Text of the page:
On the last day we went to Cape Breton University, the northernmost university in Canada. It is cold up there, even when winter has just started, it snowed so much the visibility became foggy! The area up there were also very hilly while lying all along the coast, a fact which probably contributed to the cold weather. This university is, put simply, the most different out of all the other one we have visited. This university is very recent as it was just built in 1970s compared to the 1800s like the other ones. It's shaped and built like a high school. Even the hallways feel like a high school with lockers lining the walls and classroom with template design a few metres apart. Aside from that this university is small, and new but it doesn't really have any of the faculty others have. It still had an advantage in class size and number of students just like other universities. They had a good selection of some applied engineering programs such as petroleum engineering and environmental engineering though, which might be of interest to some. A side note, the cafeteria food is not really up to par, they still serve that terrible rice and I think I'm getting bored of pizzas already, it's true everyone serve pizza at every buffet cafeteria in every university so pizzas lover might love that but I'm starting to get bored after the 3rd meal in a row.

In the end, this trip was a great trip which allowed me to see how the universities was like. Generally universities in Nova Scotia and Canada had the same standard education but may provide something else above par such as services, communities, or just addition academics opportunities. These factors are some that I liked which makes it easier for students to learn, get help, get a job and experience through co-op programs, and enjoy their life while at the same time learning new things at school which would help them find jobs of their dream. For me, personally I'll probably go to Dal as they are the only universities with a bachelor in mechanical engineering program whereas others only have a diploma and for a bachelor you have to go ahead and transfer to Dal. But, I've made my choice and I'll stay and study in Canada, they had a great way of teaching and I particular enjoy the friendliness of all the staff. That's it for this blog, thank you for reading and see you next blog.

Posted by campnarakol 02:53 Archived in Canada Tagged university canada tour nsisp nsispfc edunova Comments (0)

A new puppy appears!

Blog 10 week 2 - Second of November

Greetings all readers and welcome to the second blog of November in the CK@C blog series. It is now mid November and winter weather had started to roll in, it's getting really cold in the morning now. Anyway, in this blog, I will be talking about my experience with my hosts' new puppy, named Molly.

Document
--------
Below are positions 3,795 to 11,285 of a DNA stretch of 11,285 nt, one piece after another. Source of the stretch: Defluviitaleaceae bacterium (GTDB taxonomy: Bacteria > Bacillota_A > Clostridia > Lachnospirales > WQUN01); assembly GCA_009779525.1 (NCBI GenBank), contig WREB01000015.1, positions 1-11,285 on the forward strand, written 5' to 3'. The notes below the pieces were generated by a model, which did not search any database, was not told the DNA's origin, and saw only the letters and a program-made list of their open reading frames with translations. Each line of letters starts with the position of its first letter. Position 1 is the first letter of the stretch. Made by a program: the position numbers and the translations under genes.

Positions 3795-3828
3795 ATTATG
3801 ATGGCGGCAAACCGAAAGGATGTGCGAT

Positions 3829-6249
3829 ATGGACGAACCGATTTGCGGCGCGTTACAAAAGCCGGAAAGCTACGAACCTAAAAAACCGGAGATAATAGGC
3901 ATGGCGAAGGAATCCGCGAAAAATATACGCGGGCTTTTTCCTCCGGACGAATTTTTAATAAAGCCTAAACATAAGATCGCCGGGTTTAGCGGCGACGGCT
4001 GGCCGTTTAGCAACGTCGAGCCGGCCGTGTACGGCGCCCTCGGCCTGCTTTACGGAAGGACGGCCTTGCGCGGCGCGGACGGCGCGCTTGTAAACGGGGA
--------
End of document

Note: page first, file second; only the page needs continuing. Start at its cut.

Taking care of an animal can be a tedious job for some, or a great way to have some alternate companionship for others. For me, I've never taken care of an animal for once in my life, nor even living with them for an extended period of time. That's due to the general siblings disagreement over who would take care of the pet once it is in the house. So, the day I heard that my host mother was getting a puppy, I was legitimately surprised and a little bit concerned as I never had a puppy before. So, after a few days of school, the puppy was finally been processed and now living at the house ready for when I finished school.

When I came home, I found the puppy in the house. Actually, it was more like the puppy found me. The moment I stepped inside the house I heard a running sound and the puppy ran out of the living room and come to sniff me. It, the puppy, was a brown, tall, little dog which I have been told was a Labrador. The puppy actually looked a little bit too tall and it came around me, probably seeing what's new. After a few moments the puppy went back to sit and walk around in the living room, around its new owner my host father. The puppy actually looked quite shy and unenergetic as it doesn't want to do anything at all, only looking around and walking. That would change, however, after a few day.

A few days later, the puppy started to change, it probably got a little bit more comfortable in its new house now so it started playing and declaring ownership. The first problem was the usual, hygiene (bathroom, eating, etc.). My host mother had to actually buy a special type of dog food for her! That was nice to know that somewhere out there, exists special dog food for large breeds. Anyway, the dog started by biting everything, and by that I mean literally everything. It would bit into people cloths, rags, sometimes even wiring. It would also try to find food on the floor and sniff everything out. This cause a small little conflict as my host mother, during early times, would scream and run after the dog try to bit into her clothes and her flesh. Even though it was still a puppy, that actually hurt. But, after a few tries at calming the dog down, it now recognize my host dad as its master/father-in-law and would usually listen to his command. So this is less of a problem now, except when she wants his attention then she would do everything like tearing a giant hole through the carpet to get his attention.